A presentation made by the Chair at ORA’s 16 October 2021 Annual General Meeting:
The VRS clearly recognizes the serious concerns of the SLCSG, however; we urge caution in the City’s approach to mitigating the algae issue. VRS agrees that action must be taken by the City of Sudbury to resolve the long-standing issue of algae blooms once and for all; however, we differ in the recommended approach.
The Ministry of Energy has included hydroelectric in its renewable energy mix, and the generous rates and peaking bonuses have encouraged a rash of new hydro facilities to be proposed, as well as upgrades and changes to operating strategies that allow facilities to hold water back from downstream flow in order to produce power during peak demand hours. Many power producers arbitrarily adjust their operating strategy by using seasonal operating bands to peak on a daily basis – without first conducting an environmental assessment to determine the potential impacts, or the sustainability of the operation.
The Ontario Rivers Alliance filed a Freedom of Information Application with the IESO in February of 2016 to obtain the following list of terminated Feed-in-Tariff Contracts: Continue reading
MEDIA RELEASE: For Immediate Release: 13 July 2016
10 Ontario Rivers Protected from 19 Hydroelectric Projects
SUDBURY: The Ontario Rivers Alliance (ORA) is celebrating a major victory in the protection of 10 Ontario rivers that have been under threat from 19 proposed hydroelectric projects. Actions taken by the ORA and its members have led to what was considered to be impossible – the termination of 19 Feed-in-Tariff (FIT) Contracts.
In 2011, ORA came into being to address a rash of 87 proposed hydroelectric proposals initiated under the Green Energy Act. The offer of generous incentives to produce power during peak demand hours had proponents rushing to claim access to falls and rapids on rivers all across the province. The number of proposals to actually receive FIT Contracts was soon reduced to 41, and of those, Xeneca Power Development Inc. had secured 19 contracts for projects involving 23 Crown sites on 10 Ontario rivers. Continue reading
It was very surprising and disappointing to read your decision letter; however, it was somewhat understandable when the Minister’s decision was based upon inaccurate and unsupported responses contained within the Ministry Review (Review) document, Xeneca Power Development Inc.’s (Xeneca) correspondence, and the Environmental Report (ER). Continue reading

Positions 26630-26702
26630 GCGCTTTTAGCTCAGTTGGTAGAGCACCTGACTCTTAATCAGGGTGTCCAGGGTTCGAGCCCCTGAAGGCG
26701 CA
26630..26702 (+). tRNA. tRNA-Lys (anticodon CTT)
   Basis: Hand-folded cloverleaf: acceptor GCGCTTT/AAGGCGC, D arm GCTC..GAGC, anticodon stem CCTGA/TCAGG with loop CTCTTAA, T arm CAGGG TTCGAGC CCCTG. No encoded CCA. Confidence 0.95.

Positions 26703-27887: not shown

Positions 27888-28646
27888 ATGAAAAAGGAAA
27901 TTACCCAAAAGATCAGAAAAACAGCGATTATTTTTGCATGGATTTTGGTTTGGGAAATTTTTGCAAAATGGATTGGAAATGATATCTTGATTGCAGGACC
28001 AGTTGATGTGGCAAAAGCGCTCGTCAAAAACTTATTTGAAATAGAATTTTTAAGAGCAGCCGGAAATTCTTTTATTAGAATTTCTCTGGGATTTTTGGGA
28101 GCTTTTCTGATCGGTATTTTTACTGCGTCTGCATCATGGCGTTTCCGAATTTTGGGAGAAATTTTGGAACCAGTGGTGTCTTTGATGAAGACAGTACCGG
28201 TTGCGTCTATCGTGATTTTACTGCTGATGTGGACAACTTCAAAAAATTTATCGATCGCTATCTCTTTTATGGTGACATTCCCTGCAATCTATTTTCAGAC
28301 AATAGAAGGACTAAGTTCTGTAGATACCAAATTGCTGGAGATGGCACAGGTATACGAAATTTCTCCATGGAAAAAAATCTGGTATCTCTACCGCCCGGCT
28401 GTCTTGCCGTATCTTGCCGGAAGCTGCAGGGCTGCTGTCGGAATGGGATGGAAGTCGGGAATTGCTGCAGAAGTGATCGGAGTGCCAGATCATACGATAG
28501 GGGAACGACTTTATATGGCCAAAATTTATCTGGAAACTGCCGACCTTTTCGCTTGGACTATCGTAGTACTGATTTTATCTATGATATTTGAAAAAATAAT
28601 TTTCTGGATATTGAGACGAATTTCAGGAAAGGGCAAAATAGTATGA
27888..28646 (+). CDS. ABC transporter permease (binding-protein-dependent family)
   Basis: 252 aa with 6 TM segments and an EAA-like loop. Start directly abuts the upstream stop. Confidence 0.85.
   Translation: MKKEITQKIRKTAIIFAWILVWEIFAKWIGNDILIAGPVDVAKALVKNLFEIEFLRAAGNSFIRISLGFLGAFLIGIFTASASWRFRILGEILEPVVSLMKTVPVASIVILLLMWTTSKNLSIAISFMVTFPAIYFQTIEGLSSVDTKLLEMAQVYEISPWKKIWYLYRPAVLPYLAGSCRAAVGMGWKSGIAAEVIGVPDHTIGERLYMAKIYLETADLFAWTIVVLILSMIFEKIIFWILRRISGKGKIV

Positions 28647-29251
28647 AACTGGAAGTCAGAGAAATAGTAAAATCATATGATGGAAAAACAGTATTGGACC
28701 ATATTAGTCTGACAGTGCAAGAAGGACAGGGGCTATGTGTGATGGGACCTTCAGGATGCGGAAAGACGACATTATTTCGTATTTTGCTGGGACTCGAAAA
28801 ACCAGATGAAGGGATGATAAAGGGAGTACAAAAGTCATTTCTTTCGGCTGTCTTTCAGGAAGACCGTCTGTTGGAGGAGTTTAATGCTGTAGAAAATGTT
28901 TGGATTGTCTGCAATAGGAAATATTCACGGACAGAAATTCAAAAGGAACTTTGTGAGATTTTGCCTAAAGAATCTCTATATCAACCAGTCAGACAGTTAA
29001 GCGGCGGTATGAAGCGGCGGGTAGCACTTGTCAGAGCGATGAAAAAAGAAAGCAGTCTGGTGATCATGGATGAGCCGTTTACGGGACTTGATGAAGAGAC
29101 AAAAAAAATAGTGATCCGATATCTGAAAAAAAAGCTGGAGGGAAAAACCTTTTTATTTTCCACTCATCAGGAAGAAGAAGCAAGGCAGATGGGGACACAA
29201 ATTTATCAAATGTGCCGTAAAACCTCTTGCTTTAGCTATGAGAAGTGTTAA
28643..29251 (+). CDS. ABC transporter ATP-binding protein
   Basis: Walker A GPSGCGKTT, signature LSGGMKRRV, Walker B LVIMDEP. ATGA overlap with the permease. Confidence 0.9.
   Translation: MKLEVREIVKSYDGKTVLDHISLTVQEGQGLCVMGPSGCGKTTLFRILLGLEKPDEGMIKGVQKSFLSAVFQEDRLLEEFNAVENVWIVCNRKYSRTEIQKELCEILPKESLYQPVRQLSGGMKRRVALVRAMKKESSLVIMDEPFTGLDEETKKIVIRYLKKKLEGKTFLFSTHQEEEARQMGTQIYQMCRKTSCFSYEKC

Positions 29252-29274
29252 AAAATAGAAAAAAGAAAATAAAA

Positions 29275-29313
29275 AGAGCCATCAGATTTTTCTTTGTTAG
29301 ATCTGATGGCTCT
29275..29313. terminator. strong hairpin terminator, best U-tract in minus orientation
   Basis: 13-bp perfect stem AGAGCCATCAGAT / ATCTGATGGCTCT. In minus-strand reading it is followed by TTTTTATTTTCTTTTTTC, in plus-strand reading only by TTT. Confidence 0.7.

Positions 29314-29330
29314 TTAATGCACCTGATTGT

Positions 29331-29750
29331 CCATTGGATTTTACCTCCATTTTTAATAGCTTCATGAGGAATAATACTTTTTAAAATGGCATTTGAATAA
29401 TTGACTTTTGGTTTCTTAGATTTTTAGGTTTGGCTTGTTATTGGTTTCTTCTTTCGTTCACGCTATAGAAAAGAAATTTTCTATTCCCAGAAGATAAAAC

The City of Sudbury recently passed a unanimous Council Motion to implement a Sewage Bypass Alert, whereby the public will be informed in real time when there is a sewage bypass or spill at any of their 13 wastewater treatment facilities. Sewage bypasses are becoming more frequent due to the extreme rain events associated with climate change, and this contaminated freshwater could pose a risk to residents who take their drinking water or swim downstream of these facilities. Ontario Rivers Alliance also made a request to the Ministry of Environment and Climate Change, in October of 2014, to incorporate this important public safety measure into policy throughout the province. All Sewage Bypass Alerts will be posted on the City of Greater Sudbury website here.
There are numerous Waste Water Treatment Facilities (WWTF) across the province releasing treated, untreated and partially treated effluent into streams and rivers that run through large and small communities that also rely on river water for their public and private drinking water and general household uses. Increasing incidences of extreme rain events are making overflow and bypass of sewage a common and necessary strategy for many WWTF’s in Ontario. ORA understand that in the short-term this is done in order to avoid back-ups into their treatment facilities as well as individual residences; however, in the long-term there must be a province-wide strategy to avoid untreated and partially treated releases of sewage effluent into the environment.